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Airline Norwegian gets post-Covid boost to profits and passenger numbers

Low-cost airline Norwegian, which operates several services out of Denmark and Sweden as well as Norway, says it can feel the effects on its bottom line of the end of Covid-19 travel restrictions.

Airline Norwegian gets post-Covid boost to profits and passenger numbers
A Norwegian aircraft prepares to land at Barcelona Airport. The company's passenger numbers are up after previous Covid-19-related struggles. File photo: JOSEP LAGO / AFP

The second quarter of 2022 saw Norwegian register profits totalling 1.2 billion Norwegian kroner. Just under five million passengers flew with the company, according to results published by Norwegian on Thursday.

In comparison, just 380,000 passengers flew with Norwegian during the corresponding quarter in 2021, when Covid-19 restrictions were still having major effects on the aviation sector.

The company suffered severely in 2020 as Covid-19 restrictions compounded existing economic difficulties.

It should be noted that the registered profit is due to a return of 2.1 billion kroner received by Norwegian in relation to advanced payments on aircraft purchases. Without this, the company would have registered a loss.

“The quarter shows we are good at adapting and that we can quickly adjust operations to an increasing demand,” Norwegian CEO Geir Karlsen said in a comment on the results.

“I am particularly pleased that we are among the very best on regularity in a period with capacity limitations in many airports and with a strike by flight mechanics in Norway,” he said.

Norwegian was able to operate almost all of its scheduled flights – 99.4 percent – in the second quarter.

The return of passengers has also seen the company fill more of its services to capacity. Average capacity on the airline’s flights in the second quarter was 81.2 percent.

The results also note an agreement with Boeing to purchase 50 aircraft, which will be supplied in the period 2025-28.

“The agreement with Boeing is important when we write the next chapter for Norwegian. The agreement makes it possible for us to own a large part of our own fleet, which strengthens our position in the Nordic region,” Karlsen said.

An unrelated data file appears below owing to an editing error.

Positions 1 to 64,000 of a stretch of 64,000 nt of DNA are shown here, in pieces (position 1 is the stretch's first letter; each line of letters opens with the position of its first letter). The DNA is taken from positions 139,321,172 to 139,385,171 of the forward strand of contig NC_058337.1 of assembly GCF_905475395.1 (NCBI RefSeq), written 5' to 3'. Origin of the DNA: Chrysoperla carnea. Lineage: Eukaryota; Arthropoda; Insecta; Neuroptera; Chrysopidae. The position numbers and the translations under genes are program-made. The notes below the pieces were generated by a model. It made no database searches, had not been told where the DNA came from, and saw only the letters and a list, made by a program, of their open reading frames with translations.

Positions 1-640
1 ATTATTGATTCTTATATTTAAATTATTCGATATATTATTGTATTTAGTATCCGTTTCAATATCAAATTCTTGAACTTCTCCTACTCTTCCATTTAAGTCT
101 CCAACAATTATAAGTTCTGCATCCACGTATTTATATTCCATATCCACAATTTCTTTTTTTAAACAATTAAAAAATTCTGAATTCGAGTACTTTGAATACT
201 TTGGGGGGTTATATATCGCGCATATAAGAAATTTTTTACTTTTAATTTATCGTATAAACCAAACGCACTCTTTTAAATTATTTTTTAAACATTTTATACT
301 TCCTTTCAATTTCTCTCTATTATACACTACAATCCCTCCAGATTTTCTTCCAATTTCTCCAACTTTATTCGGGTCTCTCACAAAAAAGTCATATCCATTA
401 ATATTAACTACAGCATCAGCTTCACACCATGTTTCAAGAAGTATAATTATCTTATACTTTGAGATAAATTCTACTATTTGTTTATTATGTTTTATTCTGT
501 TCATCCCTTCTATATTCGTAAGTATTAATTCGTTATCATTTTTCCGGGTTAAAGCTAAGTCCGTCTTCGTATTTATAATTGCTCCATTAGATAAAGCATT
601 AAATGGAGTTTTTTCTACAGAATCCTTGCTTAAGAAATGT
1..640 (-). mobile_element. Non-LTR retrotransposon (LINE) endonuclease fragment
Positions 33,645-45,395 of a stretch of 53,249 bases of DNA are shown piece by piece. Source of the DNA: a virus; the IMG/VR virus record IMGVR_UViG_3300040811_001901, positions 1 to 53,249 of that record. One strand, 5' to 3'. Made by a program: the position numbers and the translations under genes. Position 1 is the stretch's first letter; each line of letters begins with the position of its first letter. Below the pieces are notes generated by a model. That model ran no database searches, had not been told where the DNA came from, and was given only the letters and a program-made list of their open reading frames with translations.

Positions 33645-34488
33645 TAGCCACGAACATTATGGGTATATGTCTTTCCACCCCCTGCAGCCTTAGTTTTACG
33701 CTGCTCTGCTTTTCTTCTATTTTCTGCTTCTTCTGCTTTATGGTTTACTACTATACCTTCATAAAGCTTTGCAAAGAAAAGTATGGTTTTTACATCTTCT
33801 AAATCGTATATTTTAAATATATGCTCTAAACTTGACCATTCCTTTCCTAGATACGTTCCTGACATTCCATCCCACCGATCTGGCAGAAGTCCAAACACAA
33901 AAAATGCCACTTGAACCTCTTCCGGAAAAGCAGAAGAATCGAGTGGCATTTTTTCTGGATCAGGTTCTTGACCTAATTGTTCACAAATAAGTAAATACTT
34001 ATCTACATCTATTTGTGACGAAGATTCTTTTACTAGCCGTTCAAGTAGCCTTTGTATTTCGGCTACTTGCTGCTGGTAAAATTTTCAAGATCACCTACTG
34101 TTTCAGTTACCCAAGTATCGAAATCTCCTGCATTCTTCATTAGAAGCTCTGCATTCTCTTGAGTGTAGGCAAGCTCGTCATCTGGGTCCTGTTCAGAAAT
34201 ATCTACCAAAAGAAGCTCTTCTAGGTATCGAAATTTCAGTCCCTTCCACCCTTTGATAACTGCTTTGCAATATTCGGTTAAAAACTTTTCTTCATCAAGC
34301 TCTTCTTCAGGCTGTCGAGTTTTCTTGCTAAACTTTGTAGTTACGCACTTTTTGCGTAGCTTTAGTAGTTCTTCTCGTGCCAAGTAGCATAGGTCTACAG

READ ALSO: Norwegian Air to seek bankruptcy protection in Norway

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SAS

Scandinavian airline SAS plans to launch electric planes in 2028 

Despite a number of economic challenges, airline SAS has announced an agreement with a Swedish company that will enable it to purchase electric aircraft and add them to its fleet. 

Scandinavian airline SAS plans to launch electric planes in 2028 

SAS has signed an agreement with Swedish company Heart Aerospace that could see it operating electric planes from 2028, the airline said in a press statement.

The model of plane that SAS would purchase from Heart Aerospace seats 30 passengers and has a range of 200 kilometers, SAS wrote.

“Along with the entire industry, we are responsible for making air travel more sustainable,” CEO of SAS Anko van der Werff said in the statement.

“SAS is dedicated to transforming air travel so future generations can continue to connect the world and enjoy the benefits of travel – but with a more sustainable footprint,” he said.

The aircraft will be installed with a hybrid system enabling them to double their range, SAS wrote.

“This has the potential to be a significant step on SAS’ sustainability journey, enabling zero-emission flights on routes within Scandinavia,” the press release stated. 

SAS has previously been involved in the development of another electric aircraft, the ES-30, which it partnered with Heart Aerospace on in 2019.

“The electric airplane will be a good supplement to our existing fleet, serving shorter routes in Denmark, Norway and Sweden in a more sustainable way,” van der Werff said.

READ MORE: SAS cancels 1,700 flights in September and October 

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